By SARAH SHMERLING | Editor-in-Chief
As departing Palisades Charter Elementary School Principal Joan Ingle enters her re-retirement, the school welcomes Juliet Herman to fill the position.
Herman began her career as a high school English teacher, going on to teach high school and middle school for about 10 years before moving on to an independent charter school in Thousand Oaks. After working at the Ventura County Office of Education, she felt like she really missed working directly with students.
“I started to look around for another opportunity and I found Pali,” Herman shared. “It’s been an amazing match for me.”
After four cycles of interviews in 2019, the district had not yet found a replacement for Ingle, who agreed to come back from retirement on an interim basis. When they started the search up again in March, they selected Herman.
Herman explained that she loves charter schools, that she is passionate about providing opportunities and options for parents.
And, she touched on the beauty of the Palisades in particular.
“I did a tour of the campus before my first interview and it’s just a lovely and idyllic school,” Herman added. “From doing my research in terms of the charter and looking on the website, I could tell that it was a really, really amazing, cohesive, and very warm and welcoming community. And I have found all of those things to be true since I started.”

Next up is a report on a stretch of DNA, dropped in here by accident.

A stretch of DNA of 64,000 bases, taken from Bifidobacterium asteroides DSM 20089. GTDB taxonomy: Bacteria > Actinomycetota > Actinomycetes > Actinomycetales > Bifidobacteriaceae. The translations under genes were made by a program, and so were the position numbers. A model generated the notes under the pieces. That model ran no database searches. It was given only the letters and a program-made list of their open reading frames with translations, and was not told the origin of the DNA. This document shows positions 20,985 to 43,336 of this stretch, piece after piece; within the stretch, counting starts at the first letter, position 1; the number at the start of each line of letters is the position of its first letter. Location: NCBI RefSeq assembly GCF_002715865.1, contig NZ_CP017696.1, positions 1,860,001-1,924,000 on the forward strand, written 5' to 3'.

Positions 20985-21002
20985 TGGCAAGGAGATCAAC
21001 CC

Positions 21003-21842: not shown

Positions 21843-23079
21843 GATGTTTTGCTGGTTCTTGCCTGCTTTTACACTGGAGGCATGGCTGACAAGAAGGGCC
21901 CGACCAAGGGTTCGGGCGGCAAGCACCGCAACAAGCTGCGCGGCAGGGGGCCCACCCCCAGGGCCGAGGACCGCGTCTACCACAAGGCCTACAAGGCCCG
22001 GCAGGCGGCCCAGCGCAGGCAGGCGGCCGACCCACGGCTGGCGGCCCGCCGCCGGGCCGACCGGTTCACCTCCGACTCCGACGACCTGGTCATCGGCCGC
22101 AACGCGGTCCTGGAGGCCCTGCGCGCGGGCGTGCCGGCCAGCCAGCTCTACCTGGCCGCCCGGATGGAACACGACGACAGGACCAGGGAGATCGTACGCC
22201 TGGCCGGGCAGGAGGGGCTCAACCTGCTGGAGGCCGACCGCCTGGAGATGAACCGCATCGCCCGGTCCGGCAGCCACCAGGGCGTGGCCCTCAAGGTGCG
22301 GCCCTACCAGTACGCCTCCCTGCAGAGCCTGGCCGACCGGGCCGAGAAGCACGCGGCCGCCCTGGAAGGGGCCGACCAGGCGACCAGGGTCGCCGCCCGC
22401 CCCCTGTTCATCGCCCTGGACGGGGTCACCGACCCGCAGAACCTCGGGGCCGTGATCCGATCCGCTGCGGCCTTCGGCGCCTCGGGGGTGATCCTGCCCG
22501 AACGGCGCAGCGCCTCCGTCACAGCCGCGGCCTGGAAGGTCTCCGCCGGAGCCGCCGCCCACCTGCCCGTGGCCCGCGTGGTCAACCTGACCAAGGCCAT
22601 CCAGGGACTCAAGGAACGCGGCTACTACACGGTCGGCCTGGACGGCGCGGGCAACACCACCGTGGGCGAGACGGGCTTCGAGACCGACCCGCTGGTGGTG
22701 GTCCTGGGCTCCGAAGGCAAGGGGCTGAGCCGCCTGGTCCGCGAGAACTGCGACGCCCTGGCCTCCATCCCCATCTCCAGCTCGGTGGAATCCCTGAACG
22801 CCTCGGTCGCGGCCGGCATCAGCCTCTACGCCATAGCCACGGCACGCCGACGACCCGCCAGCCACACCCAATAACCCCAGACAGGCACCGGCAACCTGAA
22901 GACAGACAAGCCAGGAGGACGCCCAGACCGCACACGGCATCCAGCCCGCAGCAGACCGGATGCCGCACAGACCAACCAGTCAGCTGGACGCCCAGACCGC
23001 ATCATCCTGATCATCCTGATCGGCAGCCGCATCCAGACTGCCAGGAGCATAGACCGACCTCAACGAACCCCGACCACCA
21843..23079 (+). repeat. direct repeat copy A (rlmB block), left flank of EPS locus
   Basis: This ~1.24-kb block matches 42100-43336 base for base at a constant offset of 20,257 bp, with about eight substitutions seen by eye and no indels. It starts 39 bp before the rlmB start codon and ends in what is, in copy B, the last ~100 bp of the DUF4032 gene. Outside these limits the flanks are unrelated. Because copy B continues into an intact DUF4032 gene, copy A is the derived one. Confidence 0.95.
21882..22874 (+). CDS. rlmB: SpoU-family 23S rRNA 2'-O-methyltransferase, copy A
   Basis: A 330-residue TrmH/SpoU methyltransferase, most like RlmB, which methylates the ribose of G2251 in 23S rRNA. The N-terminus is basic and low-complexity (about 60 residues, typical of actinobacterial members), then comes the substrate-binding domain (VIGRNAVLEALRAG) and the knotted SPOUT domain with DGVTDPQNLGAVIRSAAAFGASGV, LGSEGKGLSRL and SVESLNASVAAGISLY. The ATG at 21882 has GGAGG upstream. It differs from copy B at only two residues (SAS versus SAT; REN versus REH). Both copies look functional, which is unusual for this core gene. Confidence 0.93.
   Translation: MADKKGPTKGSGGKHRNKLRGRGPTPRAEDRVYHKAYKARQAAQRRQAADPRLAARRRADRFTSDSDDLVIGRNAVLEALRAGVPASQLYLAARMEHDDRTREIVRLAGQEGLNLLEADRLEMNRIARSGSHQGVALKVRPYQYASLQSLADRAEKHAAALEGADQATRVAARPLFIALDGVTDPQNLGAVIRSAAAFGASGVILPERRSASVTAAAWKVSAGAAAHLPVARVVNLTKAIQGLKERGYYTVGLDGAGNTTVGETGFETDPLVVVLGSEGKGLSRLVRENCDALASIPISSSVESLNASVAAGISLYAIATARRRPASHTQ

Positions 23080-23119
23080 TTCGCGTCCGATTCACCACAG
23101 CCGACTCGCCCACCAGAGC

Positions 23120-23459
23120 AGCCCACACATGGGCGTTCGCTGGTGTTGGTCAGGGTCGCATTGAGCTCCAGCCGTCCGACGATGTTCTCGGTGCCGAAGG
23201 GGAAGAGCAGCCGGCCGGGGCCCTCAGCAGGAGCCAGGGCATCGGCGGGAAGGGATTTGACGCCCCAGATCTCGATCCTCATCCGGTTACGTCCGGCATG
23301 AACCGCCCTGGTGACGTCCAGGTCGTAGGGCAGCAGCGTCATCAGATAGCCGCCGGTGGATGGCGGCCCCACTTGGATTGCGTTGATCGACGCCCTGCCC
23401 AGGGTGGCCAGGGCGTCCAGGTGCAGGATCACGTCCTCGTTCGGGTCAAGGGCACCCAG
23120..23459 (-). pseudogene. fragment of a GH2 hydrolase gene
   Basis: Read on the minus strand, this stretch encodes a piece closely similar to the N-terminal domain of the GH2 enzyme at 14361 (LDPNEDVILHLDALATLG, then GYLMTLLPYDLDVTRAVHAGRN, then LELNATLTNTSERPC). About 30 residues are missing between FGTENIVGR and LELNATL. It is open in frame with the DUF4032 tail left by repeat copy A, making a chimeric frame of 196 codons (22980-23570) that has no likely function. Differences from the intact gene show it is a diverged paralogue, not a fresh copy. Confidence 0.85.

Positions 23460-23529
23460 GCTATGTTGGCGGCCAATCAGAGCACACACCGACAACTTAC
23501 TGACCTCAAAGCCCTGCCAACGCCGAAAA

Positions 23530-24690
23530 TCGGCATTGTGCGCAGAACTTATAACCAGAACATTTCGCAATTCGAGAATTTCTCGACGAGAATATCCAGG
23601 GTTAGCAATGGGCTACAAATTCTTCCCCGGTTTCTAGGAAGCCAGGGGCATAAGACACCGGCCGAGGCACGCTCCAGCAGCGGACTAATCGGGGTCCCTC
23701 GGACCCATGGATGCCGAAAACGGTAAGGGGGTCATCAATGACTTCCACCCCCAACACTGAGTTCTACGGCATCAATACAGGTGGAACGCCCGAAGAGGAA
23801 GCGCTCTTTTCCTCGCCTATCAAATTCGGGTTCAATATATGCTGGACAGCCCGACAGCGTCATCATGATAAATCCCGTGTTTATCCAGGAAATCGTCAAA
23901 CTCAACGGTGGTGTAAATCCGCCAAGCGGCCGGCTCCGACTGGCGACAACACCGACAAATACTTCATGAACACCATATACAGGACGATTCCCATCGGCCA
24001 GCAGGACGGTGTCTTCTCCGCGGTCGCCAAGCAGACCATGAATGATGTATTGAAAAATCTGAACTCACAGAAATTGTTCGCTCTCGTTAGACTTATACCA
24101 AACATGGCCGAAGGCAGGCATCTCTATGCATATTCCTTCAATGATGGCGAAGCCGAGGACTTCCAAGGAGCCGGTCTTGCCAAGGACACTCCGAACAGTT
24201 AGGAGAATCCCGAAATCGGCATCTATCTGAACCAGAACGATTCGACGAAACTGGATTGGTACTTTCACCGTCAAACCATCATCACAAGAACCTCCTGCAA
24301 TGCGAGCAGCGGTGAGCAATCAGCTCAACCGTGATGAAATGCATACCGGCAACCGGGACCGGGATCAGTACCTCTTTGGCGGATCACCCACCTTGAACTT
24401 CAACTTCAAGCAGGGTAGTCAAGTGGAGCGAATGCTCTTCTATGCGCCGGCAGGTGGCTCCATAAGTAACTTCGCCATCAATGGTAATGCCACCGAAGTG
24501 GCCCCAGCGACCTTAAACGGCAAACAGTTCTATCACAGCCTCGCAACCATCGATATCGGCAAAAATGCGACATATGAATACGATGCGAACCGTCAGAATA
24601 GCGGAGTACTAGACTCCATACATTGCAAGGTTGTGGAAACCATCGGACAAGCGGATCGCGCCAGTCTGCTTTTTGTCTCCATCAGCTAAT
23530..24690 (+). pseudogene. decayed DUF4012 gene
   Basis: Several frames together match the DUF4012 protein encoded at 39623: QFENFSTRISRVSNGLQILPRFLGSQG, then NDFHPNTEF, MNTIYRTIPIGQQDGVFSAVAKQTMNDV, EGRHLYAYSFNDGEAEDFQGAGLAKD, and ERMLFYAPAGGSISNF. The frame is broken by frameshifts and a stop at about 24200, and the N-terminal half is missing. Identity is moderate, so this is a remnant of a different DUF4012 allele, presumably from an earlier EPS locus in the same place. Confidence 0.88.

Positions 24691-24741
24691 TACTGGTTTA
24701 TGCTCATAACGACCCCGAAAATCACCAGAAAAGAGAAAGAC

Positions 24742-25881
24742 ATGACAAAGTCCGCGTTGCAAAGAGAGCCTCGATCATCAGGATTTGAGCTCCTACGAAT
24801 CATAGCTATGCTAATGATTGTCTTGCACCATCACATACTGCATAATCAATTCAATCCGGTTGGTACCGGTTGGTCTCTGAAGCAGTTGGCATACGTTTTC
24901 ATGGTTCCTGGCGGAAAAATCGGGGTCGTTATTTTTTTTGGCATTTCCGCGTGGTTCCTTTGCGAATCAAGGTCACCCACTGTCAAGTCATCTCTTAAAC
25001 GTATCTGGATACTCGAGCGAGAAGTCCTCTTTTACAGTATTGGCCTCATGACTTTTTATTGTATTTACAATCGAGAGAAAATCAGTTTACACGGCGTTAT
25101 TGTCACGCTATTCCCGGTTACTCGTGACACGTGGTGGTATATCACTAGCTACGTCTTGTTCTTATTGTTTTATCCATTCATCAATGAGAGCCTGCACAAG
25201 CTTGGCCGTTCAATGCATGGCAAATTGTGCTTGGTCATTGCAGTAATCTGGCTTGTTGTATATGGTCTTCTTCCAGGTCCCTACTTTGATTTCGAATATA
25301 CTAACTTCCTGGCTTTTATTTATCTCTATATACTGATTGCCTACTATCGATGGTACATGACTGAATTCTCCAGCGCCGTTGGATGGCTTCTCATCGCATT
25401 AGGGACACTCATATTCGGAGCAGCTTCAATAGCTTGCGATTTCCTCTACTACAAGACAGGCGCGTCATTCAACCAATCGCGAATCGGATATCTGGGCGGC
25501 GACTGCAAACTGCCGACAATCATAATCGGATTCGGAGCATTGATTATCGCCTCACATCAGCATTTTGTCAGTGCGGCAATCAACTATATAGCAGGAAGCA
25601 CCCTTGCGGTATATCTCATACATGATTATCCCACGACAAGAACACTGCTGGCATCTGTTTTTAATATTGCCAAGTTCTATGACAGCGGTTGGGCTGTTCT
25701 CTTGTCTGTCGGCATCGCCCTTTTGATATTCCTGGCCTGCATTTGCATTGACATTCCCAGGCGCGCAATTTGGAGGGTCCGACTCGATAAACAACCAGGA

When asked what her goals for the upcoming school year are, Herman led with “keeping everybody calm” in the face of the pandemic and virtual learning.
“We are just in absolutely unchartered territory and we’re all there together,” Herman explained, “so I hope to provide a strong vision of maintaining Pali’s community and commitment to academic rigor.”
She shared that she hopes that the students have a positive academic experience, in addition to an enriching experience, with programs like drama, music and PE—all while maintaining a feeling of community from a distance.
Herman explained that she has seen the effect that distant learning has on parents.
“Parents are so anxious and they’re so concerned,” Herman said.
She explained that she hopes to quell some of this anxiety by being sensitive to the information she sends out, ensuring it is as correct as possible.
“It’s very important to me that we create an atmosphere of trust so that parents can trust and rely on what I say, that teachers can trust and rely upon what I say, and that we can create a happy and cohesive learning environment for our students,” Herman said.
She also said that it is important for teachers to take care of themselves and that teachers are also entering unchartered territory—there is no real playbook for how to open schools in a virtual environment, so the entire school community is in it together.
“I ask for a lot of grace and mercy from everybody on each other, but also ourselves,” Herman said. “We have to be very easy on ourselves and just take a breath and try to be as flexible as possible in these moments.”
Ahead of the official start of the year, Herman said that she has already spoken to many parents and that she likes to keep an open-door policy, which is currently “open phone,” due to the pandemic.
All things considered, she shared that she feels very lucky to be a part of the community in spite of the “daunting” challenges that lie ahead this year.
“Necessity is the mother of invention,” Herman concluded, “and if we come together and we invent together, we have the power to make this situation something that is amazing.”
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